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This project has trialled its fair share of hi-tech bird monitoring techniques over the years, online but we experienced a new one this week when we had the opportunity to test fly an RSPB drone. The drone was fitted with a camera, GPS device and altimeter, and we tested it around our release sites. We flew at relatively high altitude over the release sites to investigate how easy it would be to spot bustards from the air, then flew closer to a group of birds to test their reaction. It was an interesting day, and it definitely looks like we might be able to make use of the drone in the future. Any available technology which makes bustard monitoring easier without disadvantaging the birds in any way must be worth a try.
Release site from the air
At the project we always look forward to the beginning of March as the start of spring for the great bustards. This is when the mature males join the younger, pilule less impressive birds in full display. The display of the great bustard is one of the strangest and most impressive in the bird world. They start by strutting with tail cocked, ailment exposing the pure white feathers underneath…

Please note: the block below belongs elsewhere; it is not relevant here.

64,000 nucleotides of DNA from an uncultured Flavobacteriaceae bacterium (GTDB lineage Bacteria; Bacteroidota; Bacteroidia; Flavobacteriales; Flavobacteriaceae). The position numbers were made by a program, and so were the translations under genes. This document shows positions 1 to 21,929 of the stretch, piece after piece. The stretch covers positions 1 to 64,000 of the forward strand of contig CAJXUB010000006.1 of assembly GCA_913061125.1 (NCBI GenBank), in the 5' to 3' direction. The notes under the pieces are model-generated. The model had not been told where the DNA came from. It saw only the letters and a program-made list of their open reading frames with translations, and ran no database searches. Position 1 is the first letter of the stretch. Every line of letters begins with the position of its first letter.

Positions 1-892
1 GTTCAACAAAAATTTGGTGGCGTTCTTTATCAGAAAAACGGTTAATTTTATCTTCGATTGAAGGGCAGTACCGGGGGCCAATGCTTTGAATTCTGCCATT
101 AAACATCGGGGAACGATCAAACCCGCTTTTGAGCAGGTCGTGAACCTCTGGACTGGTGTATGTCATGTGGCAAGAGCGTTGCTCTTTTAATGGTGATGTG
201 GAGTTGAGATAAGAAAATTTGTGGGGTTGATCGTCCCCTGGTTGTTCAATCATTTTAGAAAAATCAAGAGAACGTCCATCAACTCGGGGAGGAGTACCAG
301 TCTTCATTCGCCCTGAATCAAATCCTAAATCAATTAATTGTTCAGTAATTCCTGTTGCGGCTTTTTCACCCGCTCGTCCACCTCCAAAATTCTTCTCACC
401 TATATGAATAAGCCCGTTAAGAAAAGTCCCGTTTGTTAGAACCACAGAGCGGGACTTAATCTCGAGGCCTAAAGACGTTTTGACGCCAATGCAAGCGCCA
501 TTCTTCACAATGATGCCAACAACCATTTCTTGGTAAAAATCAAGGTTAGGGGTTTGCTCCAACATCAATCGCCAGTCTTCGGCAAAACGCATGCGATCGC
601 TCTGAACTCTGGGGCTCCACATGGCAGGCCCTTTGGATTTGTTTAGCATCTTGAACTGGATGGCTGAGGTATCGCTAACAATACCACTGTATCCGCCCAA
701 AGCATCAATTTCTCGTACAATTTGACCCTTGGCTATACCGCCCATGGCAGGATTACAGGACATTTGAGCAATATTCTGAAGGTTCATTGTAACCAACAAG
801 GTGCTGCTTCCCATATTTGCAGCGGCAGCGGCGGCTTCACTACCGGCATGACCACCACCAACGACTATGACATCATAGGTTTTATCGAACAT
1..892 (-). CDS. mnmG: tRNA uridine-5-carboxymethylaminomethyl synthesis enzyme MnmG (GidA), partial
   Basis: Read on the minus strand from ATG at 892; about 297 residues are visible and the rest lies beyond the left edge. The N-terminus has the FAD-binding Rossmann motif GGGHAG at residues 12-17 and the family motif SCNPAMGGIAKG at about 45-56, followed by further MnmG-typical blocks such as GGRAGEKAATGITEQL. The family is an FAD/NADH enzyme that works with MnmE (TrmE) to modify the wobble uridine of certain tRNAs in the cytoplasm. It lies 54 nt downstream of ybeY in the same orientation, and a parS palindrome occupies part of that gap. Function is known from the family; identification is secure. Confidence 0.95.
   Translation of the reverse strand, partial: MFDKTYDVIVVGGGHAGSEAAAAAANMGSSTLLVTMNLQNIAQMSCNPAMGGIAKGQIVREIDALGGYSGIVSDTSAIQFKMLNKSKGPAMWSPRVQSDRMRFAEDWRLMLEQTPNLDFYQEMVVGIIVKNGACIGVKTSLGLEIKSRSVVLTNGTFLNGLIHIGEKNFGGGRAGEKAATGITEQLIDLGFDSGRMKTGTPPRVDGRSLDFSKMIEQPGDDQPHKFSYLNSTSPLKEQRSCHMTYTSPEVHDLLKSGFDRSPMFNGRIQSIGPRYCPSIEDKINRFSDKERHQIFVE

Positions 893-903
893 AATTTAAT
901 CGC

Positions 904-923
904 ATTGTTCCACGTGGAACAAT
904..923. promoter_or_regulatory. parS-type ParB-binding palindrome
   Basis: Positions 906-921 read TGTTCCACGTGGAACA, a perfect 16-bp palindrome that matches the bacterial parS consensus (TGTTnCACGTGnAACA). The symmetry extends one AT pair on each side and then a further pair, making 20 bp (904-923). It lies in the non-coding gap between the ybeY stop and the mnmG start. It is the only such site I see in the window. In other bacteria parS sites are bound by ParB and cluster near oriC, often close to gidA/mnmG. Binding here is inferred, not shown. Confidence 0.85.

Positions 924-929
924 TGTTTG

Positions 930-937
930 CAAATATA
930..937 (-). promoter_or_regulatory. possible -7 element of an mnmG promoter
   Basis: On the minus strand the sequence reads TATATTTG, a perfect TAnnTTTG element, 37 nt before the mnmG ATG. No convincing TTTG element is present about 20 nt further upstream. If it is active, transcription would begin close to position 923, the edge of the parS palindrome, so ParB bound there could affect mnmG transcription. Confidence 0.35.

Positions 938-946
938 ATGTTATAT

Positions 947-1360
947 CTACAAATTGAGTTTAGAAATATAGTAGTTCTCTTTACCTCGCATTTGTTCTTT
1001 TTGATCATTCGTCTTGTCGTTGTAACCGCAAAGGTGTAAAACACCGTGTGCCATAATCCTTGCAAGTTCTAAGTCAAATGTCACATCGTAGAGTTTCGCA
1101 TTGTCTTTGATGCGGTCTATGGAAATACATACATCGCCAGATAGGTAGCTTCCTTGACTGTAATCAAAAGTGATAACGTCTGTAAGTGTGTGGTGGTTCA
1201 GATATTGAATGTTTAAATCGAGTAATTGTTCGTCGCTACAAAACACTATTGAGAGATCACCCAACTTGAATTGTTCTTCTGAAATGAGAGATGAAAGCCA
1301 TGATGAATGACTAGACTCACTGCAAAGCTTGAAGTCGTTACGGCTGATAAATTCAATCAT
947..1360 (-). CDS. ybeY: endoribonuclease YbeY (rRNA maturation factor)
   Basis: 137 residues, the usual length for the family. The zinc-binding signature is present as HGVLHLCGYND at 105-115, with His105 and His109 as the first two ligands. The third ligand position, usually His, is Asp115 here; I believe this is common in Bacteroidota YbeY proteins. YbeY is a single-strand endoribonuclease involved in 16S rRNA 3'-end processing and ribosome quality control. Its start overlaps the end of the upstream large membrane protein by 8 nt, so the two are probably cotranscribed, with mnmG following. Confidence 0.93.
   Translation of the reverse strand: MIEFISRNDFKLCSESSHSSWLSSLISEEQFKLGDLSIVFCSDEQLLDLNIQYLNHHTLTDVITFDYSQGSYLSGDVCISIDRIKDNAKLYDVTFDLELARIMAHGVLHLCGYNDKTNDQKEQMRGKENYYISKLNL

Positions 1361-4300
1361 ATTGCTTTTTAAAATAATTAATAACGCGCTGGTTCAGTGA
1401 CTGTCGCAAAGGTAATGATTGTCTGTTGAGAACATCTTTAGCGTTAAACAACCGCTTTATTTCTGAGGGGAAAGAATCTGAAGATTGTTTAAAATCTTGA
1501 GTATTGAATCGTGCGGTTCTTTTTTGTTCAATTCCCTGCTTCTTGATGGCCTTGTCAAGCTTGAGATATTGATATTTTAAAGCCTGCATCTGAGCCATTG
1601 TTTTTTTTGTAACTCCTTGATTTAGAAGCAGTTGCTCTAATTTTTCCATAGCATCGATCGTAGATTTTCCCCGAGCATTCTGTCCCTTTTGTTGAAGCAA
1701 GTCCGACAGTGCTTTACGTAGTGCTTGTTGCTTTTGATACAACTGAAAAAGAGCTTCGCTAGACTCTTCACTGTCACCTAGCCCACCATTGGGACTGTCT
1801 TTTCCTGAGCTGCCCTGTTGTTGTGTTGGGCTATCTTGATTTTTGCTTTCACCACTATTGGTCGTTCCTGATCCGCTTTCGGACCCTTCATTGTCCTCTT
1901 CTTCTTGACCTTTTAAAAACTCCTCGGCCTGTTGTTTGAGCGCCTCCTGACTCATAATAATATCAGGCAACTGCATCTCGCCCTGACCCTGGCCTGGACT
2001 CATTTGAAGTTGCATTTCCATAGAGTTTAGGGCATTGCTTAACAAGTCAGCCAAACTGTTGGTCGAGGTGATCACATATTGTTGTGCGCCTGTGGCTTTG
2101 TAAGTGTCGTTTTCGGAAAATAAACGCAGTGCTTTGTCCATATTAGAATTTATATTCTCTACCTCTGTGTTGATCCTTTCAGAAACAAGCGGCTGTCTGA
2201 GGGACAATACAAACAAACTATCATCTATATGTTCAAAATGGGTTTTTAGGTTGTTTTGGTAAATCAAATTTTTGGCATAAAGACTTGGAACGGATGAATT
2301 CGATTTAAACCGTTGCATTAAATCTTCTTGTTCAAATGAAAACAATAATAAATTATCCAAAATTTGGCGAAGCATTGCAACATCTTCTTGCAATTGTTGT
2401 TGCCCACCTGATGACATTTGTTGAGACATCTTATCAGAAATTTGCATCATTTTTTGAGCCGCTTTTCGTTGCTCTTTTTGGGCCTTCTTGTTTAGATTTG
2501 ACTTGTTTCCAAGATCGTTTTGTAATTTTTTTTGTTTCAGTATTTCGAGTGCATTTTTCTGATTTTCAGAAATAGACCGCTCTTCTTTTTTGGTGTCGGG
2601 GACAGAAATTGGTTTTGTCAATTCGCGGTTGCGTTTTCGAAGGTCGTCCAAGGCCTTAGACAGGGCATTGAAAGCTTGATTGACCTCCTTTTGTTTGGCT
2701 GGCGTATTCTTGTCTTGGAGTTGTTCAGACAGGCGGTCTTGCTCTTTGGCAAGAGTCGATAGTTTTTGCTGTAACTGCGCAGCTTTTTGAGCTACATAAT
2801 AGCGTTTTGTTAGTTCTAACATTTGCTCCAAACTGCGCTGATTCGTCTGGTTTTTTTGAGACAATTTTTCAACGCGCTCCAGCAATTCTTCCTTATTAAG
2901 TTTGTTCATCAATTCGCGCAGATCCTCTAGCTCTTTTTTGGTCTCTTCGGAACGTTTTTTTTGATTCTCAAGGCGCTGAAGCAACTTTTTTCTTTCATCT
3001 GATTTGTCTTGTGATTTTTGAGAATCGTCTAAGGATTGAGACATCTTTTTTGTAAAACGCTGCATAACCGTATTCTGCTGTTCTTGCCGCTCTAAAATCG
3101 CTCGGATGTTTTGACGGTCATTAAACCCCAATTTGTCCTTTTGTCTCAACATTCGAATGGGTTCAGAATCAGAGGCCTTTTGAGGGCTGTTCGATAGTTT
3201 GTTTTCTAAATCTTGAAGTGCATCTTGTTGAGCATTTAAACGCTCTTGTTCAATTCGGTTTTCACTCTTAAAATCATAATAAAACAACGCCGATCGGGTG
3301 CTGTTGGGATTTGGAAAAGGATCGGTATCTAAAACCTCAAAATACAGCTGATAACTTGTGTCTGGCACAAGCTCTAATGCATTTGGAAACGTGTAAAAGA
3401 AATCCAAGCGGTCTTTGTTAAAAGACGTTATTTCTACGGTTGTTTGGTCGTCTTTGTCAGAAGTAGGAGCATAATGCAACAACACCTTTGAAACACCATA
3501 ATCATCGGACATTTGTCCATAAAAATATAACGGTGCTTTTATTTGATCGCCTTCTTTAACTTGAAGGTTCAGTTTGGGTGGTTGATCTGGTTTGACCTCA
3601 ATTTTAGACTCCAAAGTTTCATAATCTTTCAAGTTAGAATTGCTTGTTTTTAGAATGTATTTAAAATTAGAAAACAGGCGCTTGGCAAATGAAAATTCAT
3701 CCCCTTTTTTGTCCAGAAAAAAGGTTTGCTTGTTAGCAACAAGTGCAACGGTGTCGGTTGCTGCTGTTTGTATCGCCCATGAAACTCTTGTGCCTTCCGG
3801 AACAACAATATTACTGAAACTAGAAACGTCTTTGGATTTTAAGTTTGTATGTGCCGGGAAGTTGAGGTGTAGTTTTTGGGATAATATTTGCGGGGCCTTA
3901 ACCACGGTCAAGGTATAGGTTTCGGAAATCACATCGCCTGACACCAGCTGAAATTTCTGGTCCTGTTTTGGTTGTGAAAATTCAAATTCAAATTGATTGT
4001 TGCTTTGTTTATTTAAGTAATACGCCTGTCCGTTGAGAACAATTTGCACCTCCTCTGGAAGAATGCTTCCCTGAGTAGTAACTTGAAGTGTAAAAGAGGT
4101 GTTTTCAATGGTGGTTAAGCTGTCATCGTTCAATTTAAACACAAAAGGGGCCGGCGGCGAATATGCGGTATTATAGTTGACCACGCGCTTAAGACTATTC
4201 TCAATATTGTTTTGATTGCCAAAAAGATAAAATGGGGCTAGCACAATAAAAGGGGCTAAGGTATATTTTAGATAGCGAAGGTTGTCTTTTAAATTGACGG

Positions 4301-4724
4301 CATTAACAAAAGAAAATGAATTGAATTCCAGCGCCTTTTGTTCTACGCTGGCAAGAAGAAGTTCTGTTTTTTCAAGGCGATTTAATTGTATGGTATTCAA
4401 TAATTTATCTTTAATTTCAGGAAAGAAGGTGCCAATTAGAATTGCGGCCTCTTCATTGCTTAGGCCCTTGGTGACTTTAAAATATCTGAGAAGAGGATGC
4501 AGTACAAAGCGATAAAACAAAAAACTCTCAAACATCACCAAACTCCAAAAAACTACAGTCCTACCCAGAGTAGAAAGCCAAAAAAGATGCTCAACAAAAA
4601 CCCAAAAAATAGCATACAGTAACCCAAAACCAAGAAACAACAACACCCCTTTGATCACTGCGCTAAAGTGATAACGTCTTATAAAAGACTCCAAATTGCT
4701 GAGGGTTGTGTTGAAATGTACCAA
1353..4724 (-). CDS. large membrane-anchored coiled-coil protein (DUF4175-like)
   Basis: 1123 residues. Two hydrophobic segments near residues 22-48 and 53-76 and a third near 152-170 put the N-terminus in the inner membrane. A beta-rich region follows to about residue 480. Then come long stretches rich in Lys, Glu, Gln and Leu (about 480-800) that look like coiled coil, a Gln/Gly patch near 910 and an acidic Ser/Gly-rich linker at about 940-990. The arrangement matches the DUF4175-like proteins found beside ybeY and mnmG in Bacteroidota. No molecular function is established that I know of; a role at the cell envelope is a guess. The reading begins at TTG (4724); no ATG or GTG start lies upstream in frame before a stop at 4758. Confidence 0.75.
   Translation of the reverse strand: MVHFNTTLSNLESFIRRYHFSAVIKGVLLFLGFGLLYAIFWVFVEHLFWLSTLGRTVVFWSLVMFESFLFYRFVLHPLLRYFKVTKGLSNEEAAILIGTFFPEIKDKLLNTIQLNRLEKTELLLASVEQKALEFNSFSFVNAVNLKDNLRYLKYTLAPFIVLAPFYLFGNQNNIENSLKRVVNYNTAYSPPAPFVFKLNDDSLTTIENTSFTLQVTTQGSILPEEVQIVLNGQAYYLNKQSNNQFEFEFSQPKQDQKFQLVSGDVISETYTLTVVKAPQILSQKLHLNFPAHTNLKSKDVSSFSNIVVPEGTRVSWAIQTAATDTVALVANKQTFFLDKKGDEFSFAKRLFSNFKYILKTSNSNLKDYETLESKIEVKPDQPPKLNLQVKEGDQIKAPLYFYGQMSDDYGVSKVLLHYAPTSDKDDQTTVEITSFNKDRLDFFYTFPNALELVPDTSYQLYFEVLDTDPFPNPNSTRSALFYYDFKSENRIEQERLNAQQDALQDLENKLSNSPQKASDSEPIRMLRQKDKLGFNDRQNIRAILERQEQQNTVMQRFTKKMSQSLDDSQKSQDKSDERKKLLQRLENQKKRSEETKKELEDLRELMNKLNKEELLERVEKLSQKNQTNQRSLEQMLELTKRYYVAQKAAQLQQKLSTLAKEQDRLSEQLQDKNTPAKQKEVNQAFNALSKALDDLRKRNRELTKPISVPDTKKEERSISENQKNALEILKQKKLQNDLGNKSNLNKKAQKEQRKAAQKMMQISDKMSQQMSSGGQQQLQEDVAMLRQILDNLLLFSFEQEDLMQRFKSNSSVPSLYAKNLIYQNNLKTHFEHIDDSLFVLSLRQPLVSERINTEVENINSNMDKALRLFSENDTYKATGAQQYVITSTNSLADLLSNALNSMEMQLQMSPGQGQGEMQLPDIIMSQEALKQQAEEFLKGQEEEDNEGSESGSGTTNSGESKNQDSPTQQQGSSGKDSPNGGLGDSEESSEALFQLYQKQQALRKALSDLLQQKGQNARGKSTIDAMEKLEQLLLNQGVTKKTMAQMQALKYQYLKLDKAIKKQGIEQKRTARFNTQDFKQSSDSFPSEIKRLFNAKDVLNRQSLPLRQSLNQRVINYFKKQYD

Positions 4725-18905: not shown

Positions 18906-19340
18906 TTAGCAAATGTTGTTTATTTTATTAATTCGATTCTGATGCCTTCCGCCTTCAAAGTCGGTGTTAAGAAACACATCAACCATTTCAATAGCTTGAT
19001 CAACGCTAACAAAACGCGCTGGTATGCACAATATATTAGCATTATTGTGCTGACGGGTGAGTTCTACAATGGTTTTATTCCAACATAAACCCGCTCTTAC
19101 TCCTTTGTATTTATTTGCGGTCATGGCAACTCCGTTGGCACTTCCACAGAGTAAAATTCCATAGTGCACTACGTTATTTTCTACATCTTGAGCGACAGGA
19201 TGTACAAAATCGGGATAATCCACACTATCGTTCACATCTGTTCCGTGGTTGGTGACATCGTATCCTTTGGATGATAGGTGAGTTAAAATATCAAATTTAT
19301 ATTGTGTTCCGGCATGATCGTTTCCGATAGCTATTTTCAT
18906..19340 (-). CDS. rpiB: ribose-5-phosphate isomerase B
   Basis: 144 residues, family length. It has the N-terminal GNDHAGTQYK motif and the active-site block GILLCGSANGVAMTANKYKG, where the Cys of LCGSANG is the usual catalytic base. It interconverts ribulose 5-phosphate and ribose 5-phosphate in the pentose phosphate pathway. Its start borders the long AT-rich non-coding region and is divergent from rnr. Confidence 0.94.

…then inflate a pouch in their neck, pushing their long whiskers upwards…
…before dropping their wings to essentially turn themselves inside out, becoming a massive white beacon, visible to females for miles around…
…then, to top it all, perform a bizarre stomping dance…
…which is presumably enough to drive any female wild!
With this to see on a daily basis, the next two months are by far the best time to watch great bustards in the wild. To arrange a visit to the project, call 07817 971327 or e-mail email@example.com
All photos © David Kjaer.
Debris netting in use, salve covering a great bustard release pen
Over the last few years we have found debris netting to be the ideal material to cover our bustard pens. It has two main advantages – its fine mesh size which removes the possibility of a bird becoming caught in the netting, and its softness compared to other netting types, reducing the chance of feather damage from contact with the netting. This may be an unusual use of debris netting, but it demonstrates its versatility in many applications.
It is great to be able to say that Tarpaflex, a family-owned business based in Devon, have taken the opportunity to sponsor the project with five rolls of debris netting. This will be enough to cover all the pens we build in 2014, for both rearing and releasing, and we are very grateful for their support.
Tarpaflex is a leading name in tarpaulins and one of the UK’s largest importers, with over 110 products varying in specification, size and colour. In addition they also supply a comprehensive range of dust sheets, debris netting, scaffold sheeting and rope. Visit their website to find out more about the products offered by the company: www.tarpaflex.co.uk
We look forward to working with Tarpaflex again in the future.